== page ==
Brothers in Arms is a genuinely enjoyable and fantastically outrageous farce. I can't discuss much without spoilers, but it suffices to say that it reminds me strongly of the best of P.G. Wodehouse, with everyone bumbling around in an old-fashioned comedy of mistaken identities, impressively convoluted concatenations of circumstance, and thoroughly muddled and bewildering chases. This book contains some absolutely hilarious moments, from Miles Vorkosigan on Fast Penta (holy hyperactive mutants, Batman!), to the continuing litigious nature of Londoners, to a chase scene in the bowels of London with three groups all after one another, to Miles' tumultuous and constantly hilarious flow of inner thoughts. Take, for example, his musings on an ornamental goldfish pond:

Perhaps the stubborn one was a fiendish Cetagandan construct, whose cold scales glittered like gold because they were. He might pluck it out with a feline pounce, stamping it underfoot with a mechanical crunch and electric sizzle, then hold it up with a triumphal cry—'Ah! Through my quick wits and reflexes, I have discovered the spy among you!' But if his guess were wrong, ah. The squish! under his boot, the dowager’s recoil, and the Barrayaran prime minister’s son would have acquired an instant reputation as a young man with serious emotional difficulties... 'Ah ha!' he pictured himself cackling to the horrified woman as the fish guts slithered underfoot, 'You should see what I do to kittens!' The big goldfish rose lazily at last, and took a crumb with a splash that marred Miles’s polished boots. Thank you, fish, Miles thought to it. You have just saved me from considerable social embarrassment.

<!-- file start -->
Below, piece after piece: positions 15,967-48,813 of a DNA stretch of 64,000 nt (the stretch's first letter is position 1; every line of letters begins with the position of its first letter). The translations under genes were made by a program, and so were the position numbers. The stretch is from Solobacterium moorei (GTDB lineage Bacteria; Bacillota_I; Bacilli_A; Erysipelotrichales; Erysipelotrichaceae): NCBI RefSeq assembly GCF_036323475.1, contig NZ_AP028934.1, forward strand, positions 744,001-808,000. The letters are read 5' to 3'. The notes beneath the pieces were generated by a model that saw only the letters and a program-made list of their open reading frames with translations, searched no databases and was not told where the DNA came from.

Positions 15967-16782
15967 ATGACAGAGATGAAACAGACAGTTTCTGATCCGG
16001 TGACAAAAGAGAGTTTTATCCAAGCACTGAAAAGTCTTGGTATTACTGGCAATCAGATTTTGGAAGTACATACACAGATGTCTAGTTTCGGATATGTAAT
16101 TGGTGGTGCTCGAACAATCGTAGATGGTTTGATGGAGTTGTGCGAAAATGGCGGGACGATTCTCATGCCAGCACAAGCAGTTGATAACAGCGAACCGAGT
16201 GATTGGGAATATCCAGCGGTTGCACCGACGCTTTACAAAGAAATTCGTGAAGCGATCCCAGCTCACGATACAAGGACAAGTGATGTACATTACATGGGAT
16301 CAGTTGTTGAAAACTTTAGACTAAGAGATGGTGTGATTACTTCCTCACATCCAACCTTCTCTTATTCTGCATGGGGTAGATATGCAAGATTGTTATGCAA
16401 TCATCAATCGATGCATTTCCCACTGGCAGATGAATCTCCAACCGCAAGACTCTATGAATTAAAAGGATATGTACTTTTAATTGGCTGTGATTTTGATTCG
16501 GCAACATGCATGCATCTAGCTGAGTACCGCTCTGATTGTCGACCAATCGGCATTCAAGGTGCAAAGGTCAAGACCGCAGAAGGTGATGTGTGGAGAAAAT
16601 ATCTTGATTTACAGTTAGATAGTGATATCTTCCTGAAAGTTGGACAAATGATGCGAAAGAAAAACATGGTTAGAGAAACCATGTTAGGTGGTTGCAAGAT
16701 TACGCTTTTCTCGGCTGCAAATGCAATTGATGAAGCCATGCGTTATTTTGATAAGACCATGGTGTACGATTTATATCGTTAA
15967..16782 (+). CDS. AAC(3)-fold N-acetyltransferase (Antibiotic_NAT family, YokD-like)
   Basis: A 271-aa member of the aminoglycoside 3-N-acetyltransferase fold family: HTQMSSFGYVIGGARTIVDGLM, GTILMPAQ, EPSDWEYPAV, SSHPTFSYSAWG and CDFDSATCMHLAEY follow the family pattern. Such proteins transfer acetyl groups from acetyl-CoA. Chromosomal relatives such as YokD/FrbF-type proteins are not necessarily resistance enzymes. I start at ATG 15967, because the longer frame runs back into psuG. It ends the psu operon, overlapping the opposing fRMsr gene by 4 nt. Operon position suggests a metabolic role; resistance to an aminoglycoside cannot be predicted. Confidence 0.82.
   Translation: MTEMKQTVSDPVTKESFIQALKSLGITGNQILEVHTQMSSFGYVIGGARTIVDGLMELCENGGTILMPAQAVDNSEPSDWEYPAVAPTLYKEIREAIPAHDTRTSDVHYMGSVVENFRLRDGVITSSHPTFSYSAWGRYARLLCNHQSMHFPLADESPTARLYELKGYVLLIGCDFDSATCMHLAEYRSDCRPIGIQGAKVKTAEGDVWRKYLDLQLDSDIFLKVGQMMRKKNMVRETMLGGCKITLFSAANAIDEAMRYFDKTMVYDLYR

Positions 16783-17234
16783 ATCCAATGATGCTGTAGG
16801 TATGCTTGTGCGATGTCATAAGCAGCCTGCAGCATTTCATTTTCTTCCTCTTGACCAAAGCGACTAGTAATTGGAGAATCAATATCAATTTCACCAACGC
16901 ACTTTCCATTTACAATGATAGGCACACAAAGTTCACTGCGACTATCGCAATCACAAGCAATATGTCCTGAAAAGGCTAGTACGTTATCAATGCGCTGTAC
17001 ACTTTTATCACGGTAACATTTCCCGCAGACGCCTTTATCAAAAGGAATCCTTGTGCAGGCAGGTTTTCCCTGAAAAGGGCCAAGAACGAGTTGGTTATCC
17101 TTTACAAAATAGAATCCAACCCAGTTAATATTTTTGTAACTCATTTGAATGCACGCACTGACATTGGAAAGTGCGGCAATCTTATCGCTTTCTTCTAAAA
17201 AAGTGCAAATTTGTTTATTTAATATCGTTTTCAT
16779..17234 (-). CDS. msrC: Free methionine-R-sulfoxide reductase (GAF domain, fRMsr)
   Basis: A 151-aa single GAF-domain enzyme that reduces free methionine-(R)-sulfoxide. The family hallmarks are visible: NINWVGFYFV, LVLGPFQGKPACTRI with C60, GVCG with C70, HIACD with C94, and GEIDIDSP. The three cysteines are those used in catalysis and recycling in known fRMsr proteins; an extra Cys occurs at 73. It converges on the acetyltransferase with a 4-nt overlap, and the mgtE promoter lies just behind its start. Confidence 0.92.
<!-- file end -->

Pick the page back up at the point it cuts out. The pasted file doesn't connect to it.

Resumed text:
Bujold still manages to inject a few moments of pathos; Brothers in Arms, is, as one might expect, a story about families; of the ways that fathers shape their sons and siblings hold sway over siblings.